KOHL'S Agrees to Stop Selling Binge Drinking Games
Dec 23,2006 00:00 by Bend Weekly News Sources

It didn’t take long for Kohl’s Department Stores to respond to complaints by Oregon Partnership about the sale and promotion of drinking games.
“Be assured that the remaining games are being removed from all Kohl’s stores and online,” said Kohl’s spokeswoman Julie Landro in a call and e-mail to Oregon Partnership President/CEO Judy Cushing.
This past week, Oregon Partnership, a statewide non-profit organization providing Alcohol and drug prevention education and treatment referral, asked that Kohl’s pull the drinking game products from its stores.
“We’re delighted that Kohl’s took this responsible action, and we thank them,” said Cushing. “These games have no place in the gift section of a department store that caters to families.”
During the current holiday season, Kohl’s, the national department store chain with more than 800 locations nationwide – including Portland – was promoting high-risk drinking by selling drinking games involving darts, roulette, and ping-pong.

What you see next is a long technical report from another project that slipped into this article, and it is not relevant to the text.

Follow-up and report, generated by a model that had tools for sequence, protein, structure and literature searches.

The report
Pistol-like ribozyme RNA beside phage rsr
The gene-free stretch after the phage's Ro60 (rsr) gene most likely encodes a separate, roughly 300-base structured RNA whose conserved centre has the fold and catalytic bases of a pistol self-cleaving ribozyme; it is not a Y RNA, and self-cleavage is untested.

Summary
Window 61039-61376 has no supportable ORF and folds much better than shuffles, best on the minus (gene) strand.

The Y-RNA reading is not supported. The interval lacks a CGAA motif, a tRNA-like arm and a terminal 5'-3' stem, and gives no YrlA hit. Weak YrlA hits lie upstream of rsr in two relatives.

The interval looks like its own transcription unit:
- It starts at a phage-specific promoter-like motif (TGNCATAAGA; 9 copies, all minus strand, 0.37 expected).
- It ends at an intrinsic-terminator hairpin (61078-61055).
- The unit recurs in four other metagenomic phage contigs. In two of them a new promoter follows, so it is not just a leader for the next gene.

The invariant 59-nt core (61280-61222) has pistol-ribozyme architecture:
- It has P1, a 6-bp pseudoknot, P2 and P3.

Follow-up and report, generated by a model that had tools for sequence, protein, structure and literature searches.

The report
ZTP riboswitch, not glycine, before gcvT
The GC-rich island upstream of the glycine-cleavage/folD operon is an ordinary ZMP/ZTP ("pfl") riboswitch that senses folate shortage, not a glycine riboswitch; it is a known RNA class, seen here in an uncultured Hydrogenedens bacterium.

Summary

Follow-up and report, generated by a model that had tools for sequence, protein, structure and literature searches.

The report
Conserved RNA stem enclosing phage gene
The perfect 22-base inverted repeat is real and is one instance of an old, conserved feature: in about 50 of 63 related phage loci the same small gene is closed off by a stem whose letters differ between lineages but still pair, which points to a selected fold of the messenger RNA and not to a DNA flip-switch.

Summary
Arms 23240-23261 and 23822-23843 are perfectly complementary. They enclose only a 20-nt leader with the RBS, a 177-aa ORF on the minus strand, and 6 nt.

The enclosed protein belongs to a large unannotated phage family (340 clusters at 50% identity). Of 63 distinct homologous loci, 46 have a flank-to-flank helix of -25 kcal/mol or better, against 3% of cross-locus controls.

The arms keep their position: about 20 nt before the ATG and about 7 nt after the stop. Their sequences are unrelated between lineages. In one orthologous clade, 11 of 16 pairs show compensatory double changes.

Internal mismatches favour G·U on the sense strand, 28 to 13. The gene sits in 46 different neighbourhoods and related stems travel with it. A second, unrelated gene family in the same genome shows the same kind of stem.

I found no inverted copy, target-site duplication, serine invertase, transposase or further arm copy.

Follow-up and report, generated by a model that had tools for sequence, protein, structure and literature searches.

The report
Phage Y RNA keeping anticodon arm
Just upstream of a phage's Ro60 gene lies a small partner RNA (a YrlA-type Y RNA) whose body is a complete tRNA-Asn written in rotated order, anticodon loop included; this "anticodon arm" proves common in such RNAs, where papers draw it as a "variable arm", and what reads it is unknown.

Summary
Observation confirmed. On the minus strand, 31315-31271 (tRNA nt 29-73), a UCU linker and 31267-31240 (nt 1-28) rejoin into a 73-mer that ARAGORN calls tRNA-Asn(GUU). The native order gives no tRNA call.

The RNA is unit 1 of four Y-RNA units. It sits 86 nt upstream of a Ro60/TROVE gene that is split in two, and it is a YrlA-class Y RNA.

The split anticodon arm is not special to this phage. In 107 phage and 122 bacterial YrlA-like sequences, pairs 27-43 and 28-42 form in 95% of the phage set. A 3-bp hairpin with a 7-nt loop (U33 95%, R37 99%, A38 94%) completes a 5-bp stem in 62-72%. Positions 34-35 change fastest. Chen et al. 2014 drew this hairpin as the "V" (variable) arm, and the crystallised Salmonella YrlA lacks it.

Other chains – including Linens ‘n Things and Urban Outfitters – are selling similar Drinking games. Oregon Partnership has written letters to these companies and will continue to fight to make sure retailers understand they should stop selling such appalling products.
“These are products that should not be sold by responsible retailers,” said Pam Erickson, Oregon Partnership deputy director. “Intentionally or not, they encourage binge drinking.”
Such games as “Shots and Ladders Game Set” and “Keg Pong” are prominently displayed on Linen n’ Things store shelves, while “1000 Drinking Games” and“Outrageous Drinking Games” can be found at Urban Outfitters.
According to the Urban Outfitters website, their stores “create an emotional bond with the 18-30 year old target customer,” yet they are selling products promoting alcohol use to a customer base, a portion of which is underage.
Erickson points out that December has been declared Drinking and Drugged Driving Awareness Month. “So what good does this do if we cannot get the cooperation of our citizens and business communities in halting practices that encourage people to abuse alcohol and run the risk of alcohol poisoning.”
This past fall, Oregon Partnership was successful in convincing Macy’s and
Bloomingdales department stores to stop selling t-shirts promoting drinking. The shirts had been sold in the stores’ “back-to-school” sections.
“Once Federated Department Stores heard our explanation that the product encouraged underage drinking, they pulled the shirts right away from all their stories nationwide” added Erickson.